Flats race furious in first major sale

Business | 15 Jan 2018

Hong Kong's red-hot property market kicked off 2018 with hundreds queuing to buy flats in the first major property launch of the year, backing expectations strong demand will further lift record prices by 5 to 20 percent over the year.

The Asian financial hub has one of the world's most expensive housing markets, with private home prices shattering historic records for 13 consecutive months, rising nearly 200 percent since 2008.

Among the some 100 presale apartments offered by Sun Hung Kai Properties (0016), the least expensive flat of 382 sellable square feet costs about HK$8 million, or HK$21,000 per square foot, though with a certain payment plan, the buyer could get a 22 percent discount.

The flats are located at St Barths, a development in Ma On Shan.

"For everybody in Hong Kong, buying a flat is a life goal," said 26-year-old Ms Chau, one of the some 600 potential buyers queuing up in the first hour on Saturday.

"I am angry that housing prices keep going up. Now the value of HK$10,000 is like HK$1,000 in the past. For many people, they cannot afford to buy unless they have their family's help," Chau said.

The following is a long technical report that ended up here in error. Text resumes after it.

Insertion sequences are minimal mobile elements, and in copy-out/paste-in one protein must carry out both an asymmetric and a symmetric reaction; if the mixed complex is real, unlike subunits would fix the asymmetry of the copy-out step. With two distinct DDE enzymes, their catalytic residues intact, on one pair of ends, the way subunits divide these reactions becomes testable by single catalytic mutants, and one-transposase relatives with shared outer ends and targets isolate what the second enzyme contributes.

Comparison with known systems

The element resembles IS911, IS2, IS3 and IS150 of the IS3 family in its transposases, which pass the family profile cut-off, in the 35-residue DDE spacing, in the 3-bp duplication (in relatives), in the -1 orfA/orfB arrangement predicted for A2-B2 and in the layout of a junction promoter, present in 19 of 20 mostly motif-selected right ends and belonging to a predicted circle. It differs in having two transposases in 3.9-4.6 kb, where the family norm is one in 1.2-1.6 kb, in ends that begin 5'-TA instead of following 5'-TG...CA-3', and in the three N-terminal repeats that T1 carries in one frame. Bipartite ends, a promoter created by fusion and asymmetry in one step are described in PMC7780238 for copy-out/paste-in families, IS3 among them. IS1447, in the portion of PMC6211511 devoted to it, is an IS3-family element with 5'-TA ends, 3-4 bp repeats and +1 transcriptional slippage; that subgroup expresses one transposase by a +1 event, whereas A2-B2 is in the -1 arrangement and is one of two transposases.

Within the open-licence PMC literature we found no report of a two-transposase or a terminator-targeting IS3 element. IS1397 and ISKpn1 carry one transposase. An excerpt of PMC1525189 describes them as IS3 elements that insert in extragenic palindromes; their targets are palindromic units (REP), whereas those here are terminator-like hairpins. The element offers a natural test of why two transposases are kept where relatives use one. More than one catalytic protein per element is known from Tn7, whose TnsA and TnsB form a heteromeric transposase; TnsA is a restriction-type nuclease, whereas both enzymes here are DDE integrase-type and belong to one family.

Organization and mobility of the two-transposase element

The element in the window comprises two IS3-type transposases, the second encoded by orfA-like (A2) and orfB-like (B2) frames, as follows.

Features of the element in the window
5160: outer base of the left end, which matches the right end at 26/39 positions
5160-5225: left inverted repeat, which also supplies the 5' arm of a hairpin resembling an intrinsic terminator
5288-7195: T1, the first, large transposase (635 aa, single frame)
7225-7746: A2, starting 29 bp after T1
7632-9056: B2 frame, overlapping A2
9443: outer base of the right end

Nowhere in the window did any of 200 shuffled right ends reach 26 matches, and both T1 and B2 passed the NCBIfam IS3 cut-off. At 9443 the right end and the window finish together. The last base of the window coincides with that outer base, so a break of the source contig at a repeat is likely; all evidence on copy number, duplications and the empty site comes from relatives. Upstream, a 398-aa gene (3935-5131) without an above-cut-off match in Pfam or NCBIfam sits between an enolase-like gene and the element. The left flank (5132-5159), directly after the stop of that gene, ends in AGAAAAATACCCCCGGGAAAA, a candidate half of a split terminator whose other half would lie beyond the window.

While Hong Kong's flats are getting more expensive, many are also getting smaller.

This month, major developer Henderson Land Development (0012) is expected to launch sales for a residential project with flat sizes ranging between 180 and 420 sq ft.

Multiple property consultancies and agencies expect home prices to climb a further 5 to 20 percent in 2018, with no immediate end in sight to the boom.

Although the SAR's de facto central bank has imposed eight rounds of mortgage tightening measures since 2009 - on top of the government's tax and regulatory measures -- analysts say these measures have effectively locked up the second-hand supply, further fueling prices.

But the government stresses it has no intention to relax the so-called "spicy measures."

"Due to very low interest rates, high liquidity and the imbalance of housing demand and supply, the property market is now still red-hot," acting Secretary for Transport and Housing, Raymond So Wai-man told legislators.

"Prices are still at an extremely high level, and there is no sign of them coming down. Therefore at the moment, the government has no intention to ease spicy measures."

The city's flats are ranked the second most expensive in the world after Monaco, according to data from property consultancy Knight Frank, which shows US$1 million (HK$7.8 million) would only buy 200 sq ft of prime property in Hong Kong, compared to 270 sq ft in New York City, or 320 sq ft in London.


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